Meet Your Vagus Nerve: Parasympathetic Nervous System Anatomy
Everything in the body is connected. This becomes most apparent when you look at the anatomy of your nervous system—its communication expressway. Your body is performing numerous functions unconsciously at any given time. The nervous system tells your body what to do, especially in response to stimulation, at the unconscious level.
The vagus nerve, part of the parasympathetic nervous system, soothes your entire nervous system when stimulated. Vagus nerve stimulation improves functions in the body involved in relaxation and digestion, providing compounding benefits. In this post, we'll look at these benefits and ways to stimulate your vagus nerve.
What Is the Parasympathetic Nervous System?
Nerves are fibers found throughout the body that act as cables, relaying messages to and from the brain. The parasympathetic nervous system is part of the autonomous nervous system, which deals with communications related to unconscious activities such as your heart's beating and your lungs' breathing. In contrast to the sympathetic nervous system, the parasympathetic nervous system is more active when the body's in "rest and digest" mode.
The Vagus Nerve: a Parasympathetic Controller
Like a circuit running from your brain through your torso, the vagus nerve picks up on stimuli and feeds the information to your brain. It's heavily involved in regulating the parasympathetic nervous system by inducing relaxation, lowering the heart rate and blood pressure, as well as stimulating digestion. The vagus nerve even helps the brain process the "gut feelings" we sense.
What Is Your Vagus Nerve?
The vagus nerve is the body's longest nerve. It's actually a pair, with the left and right vagus nerve on either side. Starting at the brainstem, the nerve travels alongside your respiratory system down to your abdomen. Its job is to relay information from these areas to the brain, such as sensory inputs from your throat and lungs.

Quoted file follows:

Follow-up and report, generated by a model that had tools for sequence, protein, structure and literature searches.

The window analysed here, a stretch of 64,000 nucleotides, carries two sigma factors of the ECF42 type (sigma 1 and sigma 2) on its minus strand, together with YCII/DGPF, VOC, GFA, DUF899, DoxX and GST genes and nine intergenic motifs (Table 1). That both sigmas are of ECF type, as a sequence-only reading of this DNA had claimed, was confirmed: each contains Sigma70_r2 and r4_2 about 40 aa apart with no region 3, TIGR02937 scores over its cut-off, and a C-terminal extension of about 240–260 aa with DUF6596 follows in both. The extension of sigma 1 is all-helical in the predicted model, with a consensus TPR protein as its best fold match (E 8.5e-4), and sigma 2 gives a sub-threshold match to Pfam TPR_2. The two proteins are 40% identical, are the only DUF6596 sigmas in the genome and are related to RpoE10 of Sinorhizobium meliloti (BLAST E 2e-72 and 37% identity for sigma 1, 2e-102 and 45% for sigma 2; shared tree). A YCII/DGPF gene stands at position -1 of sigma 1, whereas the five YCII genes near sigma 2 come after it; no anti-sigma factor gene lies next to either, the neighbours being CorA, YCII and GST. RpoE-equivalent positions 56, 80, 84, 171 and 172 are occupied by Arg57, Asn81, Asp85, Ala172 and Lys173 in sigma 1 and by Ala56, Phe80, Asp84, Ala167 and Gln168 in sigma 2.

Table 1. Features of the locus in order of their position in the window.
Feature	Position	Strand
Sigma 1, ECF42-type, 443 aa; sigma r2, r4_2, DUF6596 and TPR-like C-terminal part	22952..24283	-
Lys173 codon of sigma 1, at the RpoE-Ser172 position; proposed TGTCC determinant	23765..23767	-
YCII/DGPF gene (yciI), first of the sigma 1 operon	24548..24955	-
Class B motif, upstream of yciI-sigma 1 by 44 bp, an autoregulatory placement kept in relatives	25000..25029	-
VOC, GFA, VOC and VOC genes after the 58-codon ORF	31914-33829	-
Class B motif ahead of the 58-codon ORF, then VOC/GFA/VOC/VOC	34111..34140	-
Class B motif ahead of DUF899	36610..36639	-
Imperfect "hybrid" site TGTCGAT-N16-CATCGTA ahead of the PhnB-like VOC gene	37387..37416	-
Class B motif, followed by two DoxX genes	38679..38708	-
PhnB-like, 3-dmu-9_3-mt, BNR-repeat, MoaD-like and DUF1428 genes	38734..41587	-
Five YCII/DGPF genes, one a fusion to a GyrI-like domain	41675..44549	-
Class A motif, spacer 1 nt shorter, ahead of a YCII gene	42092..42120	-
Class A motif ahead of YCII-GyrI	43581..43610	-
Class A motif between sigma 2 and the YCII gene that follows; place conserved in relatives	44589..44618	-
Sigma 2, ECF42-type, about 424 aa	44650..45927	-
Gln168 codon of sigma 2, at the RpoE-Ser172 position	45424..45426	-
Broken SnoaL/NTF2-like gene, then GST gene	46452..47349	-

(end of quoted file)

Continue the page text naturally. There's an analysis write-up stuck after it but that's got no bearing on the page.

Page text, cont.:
The Gut-Brain Connection
You may have heard that your gut is your "second brain." Research published in Frontiers in Neuroscience in 2018 explains that microbes in the gut release brain chemicals like serotonin, dopamine, and acetylcholine. The vagus nerve picks up these messages, as it has "interoceptive awareness"—the ability to listen (chemically) to your gut and translate messages to your brain. Hence, the link between microbes and your mood.
Why You Should Stimulate Your Vagus Nerve
Any technique that promotes activity in the vagus nerve can potentially provide compounding health benefits by stimulating the entire parasympathetic nervous system. Here are the major benefits:
When stimulated, the vagus nerve sends signals that balance the immune system's inflammatory response. If you have chronic inflammation, stimulating your vagus nerve can have an anti-inflammatory effect—and in turn, lower your risk for injury and disease.